After you first visit a doctor to find out what’s ailing you, a long time can pass before you receive the results of laboratory tests designed to identify your assailant. It could be a day, it could be a week, but it always seems longer. During all this agonizing and waiting, moreover, your body already knows, in a sense, what ails it. Your cells are responding to the presence of too much hormone, or they’re being subverted by a virus, or they’re being poisoned by bacterial secretions. If we could only detect pathogens the way a cell does, we would be one step closer to beating them.
It is an idea that the Biocircuits Corporation of Burlingame, California, thinks it can soon make a reality. Working with technology conceived in part at the Lawrence Berkeley Laboratory, Biocircuits is developing a biosensor, modeled loosely on the membrane of a human cell, that would analyze blood or urine for a virus or hormone and produce results within 15 minutes. Instead of being sent out to a clinical laboratory, the sample would be analyzed right in the doctor’s office-- saving the patient not only the worrisome delay but also, perhaps, the expense of a second visit to the doctor.
The Biocircuits biosensor has two key components. The first is made up of protein molecules, the same cell-surface receptors or antibodies that would naturally bind to the target substance in the human body. The second component is a film to which the proteins are attached, much as proteins are attached to the membrane of a cell. Like a cell membrane, the film is made of fatty substances called lipids, but in this case the lipids are bound together in a polymer.
To build the biosensor, the researchers pour a mixture of all these molecules on water. The molecules ride on the surface like a film of soap and assemble themselves into an ultrathin layer about one-millionth of an inch thick. (There’s more to the manufacturing process than that, certainly, but Biocircuits, fearful of competition, is keeping the details secret.)
In the past, one sticking point in designing artificial membranes has been getting the proteins to adhere to the membrane without losing their biological activity. In Biocircuits’ biosensor the lipids provide a natural and congenial environment for the proteins, while the polymerization gives the film its strength. Polymerization also makes the film highly fluorescent, a property that allows it to readily reveal the presence of the target substance.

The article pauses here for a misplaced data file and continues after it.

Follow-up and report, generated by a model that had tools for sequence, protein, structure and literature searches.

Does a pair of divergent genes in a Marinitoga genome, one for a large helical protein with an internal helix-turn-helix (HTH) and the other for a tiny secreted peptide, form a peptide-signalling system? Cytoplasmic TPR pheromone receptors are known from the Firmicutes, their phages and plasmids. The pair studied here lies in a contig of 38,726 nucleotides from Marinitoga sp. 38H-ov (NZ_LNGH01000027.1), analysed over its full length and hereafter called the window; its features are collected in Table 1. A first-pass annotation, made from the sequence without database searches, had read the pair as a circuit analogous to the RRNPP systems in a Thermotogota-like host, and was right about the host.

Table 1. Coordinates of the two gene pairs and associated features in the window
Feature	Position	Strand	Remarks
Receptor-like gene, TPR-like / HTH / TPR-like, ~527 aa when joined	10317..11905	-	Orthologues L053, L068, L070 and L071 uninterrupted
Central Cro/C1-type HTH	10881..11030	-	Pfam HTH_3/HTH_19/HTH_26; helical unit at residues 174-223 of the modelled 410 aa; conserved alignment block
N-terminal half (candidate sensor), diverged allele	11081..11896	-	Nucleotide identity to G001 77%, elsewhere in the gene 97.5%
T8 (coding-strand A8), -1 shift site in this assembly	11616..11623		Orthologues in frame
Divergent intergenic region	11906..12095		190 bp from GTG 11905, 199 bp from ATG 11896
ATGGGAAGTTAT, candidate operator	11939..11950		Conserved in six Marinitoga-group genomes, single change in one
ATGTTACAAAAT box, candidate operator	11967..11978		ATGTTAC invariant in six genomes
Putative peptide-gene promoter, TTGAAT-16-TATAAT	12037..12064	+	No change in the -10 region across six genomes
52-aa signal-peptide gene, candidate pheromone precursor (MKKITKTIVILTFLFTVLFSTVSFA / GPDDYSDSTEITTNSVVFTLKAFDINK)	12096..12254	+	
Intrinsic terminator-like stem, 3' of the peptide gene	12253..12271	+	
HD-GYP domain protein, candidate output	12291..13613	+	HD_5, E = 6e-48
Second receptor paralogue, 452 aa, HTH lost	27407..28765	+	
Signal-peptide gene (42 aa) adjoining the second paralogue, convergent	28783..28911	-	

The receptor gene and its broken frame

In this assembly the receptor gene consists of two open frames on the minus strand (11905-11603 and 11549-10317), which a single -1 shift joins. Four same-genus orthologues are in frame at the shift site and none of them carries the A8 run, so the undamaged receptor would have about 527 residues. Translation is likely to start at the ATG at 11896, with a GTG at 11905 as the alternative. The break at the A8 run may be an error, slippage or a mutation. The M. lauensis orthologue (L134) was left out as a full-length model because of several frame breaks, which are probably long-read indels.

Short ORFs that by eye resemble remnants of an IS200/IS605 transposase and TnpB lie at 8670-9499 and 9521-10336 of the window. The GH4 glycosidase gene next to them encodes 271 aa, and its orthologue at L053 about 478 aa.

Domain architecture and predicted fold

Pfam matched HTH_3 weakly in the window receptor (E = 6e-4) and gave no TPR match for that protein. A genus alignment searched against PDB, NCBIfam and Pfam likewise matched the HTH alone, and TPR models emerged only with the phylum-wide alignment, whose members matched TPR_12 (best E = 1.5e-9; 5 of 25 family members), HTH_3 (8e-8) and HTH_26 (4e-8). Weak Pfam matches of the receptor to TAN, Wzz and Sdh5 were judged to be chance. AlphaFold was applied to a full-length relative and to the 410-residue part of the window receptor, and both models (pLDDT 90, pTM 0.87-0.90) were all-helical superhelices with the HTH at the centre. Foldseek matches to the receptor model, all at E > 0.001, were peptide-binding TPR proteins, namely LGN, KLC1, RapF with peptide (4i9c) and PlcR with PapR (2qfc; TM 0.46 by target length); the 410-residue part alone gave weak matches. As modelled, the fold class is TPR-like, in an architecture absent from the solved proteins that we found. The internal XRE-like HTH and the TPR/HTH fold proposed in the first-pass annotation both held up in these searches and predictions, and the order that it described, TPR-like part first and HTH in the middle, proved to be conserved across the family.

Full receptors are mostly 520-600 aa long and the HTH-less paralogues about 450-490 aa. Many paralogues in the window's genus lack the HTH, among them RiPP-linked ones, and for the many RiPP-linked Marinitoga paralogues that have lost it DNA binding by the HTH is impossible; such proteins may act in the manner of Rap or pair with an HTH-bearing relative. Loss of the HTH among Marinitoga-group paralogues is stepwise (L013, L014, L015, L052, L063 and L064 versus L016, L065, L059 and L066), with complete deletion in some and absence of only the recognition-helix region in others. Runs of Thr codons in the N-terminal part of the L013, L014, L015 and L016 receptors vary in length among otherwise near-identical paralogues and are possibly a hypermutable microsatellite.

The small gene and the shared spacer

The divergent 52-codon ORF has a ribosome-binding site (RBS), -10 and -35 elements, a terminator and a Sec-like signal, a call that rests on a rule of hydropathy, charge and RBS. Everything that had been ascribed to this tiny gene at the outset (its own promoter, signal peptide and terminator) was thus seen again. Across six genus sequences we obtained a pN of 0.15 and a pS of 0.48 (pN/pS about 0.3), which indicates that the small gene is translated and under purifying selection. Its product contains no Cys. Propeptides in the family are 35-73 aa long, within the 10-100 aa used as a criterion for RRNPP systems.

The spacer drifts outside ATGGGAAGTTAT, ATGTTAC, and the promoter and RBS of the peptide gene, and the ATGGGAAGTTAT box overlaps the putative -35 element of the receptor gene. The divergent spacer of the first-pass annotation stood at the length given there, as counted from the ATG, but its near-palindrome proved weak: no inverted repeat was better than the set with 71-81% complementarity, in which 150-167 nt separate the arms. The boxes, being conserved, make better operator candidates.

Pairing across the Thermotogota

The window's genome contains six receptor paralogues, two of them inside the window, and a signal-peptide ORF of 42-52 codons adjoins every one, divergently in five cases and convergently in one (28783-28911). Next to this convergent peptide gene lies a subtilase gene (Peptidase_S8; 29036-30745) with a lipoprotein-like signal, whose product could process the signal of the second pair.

The film is packaged in a disposable plastic cartridge about the size of a credit card. To run a test for, say, a hormone, a technician places a drop of blood or urine in a test well on the cartridge, then inserts the cartridge into an automated measuring instrument. Hormone molecules in the sample bind to the receptors on the film; they are in turn grabbed from the top by another protein, an antibody, that is included in the cartridge. The creation of these three-molecule chains distorts the structure of the film, and that causes the fluorescence emanating from the film to fluctuate in frequency. The precise fluctuation depends directly on the number of hormone molecules in the sample. Inside the measuring instrument, a light-emitting diode shines on the film, and a photodiode records the fluctuating fluorescence. The hormone’s concentration is displayed in about 15 minutes.
So far Biocircuits has built a prototype biosensor that tests for thyroid hormones. It plans to begin selling that device to doctors in 1993 for about $2,500, and to follow it in 1994 with a test for chlamydia, a sexually transmitted virus. But the company regards those plans as only its first steps into the huge medical testing market. In principle the Biocircuits technique could be applied to any number of pathogens; to adapt the biosensor to a different target, the company’s researchers simply have to synthesize the natural receptor for that pathogen and incorporate it in the film. Step-by-step and disease-by-disease, Biocircuits (along with other companies in the burgeoning biosensor business) may soon bring to medical testing some of the intelligence of the living cell.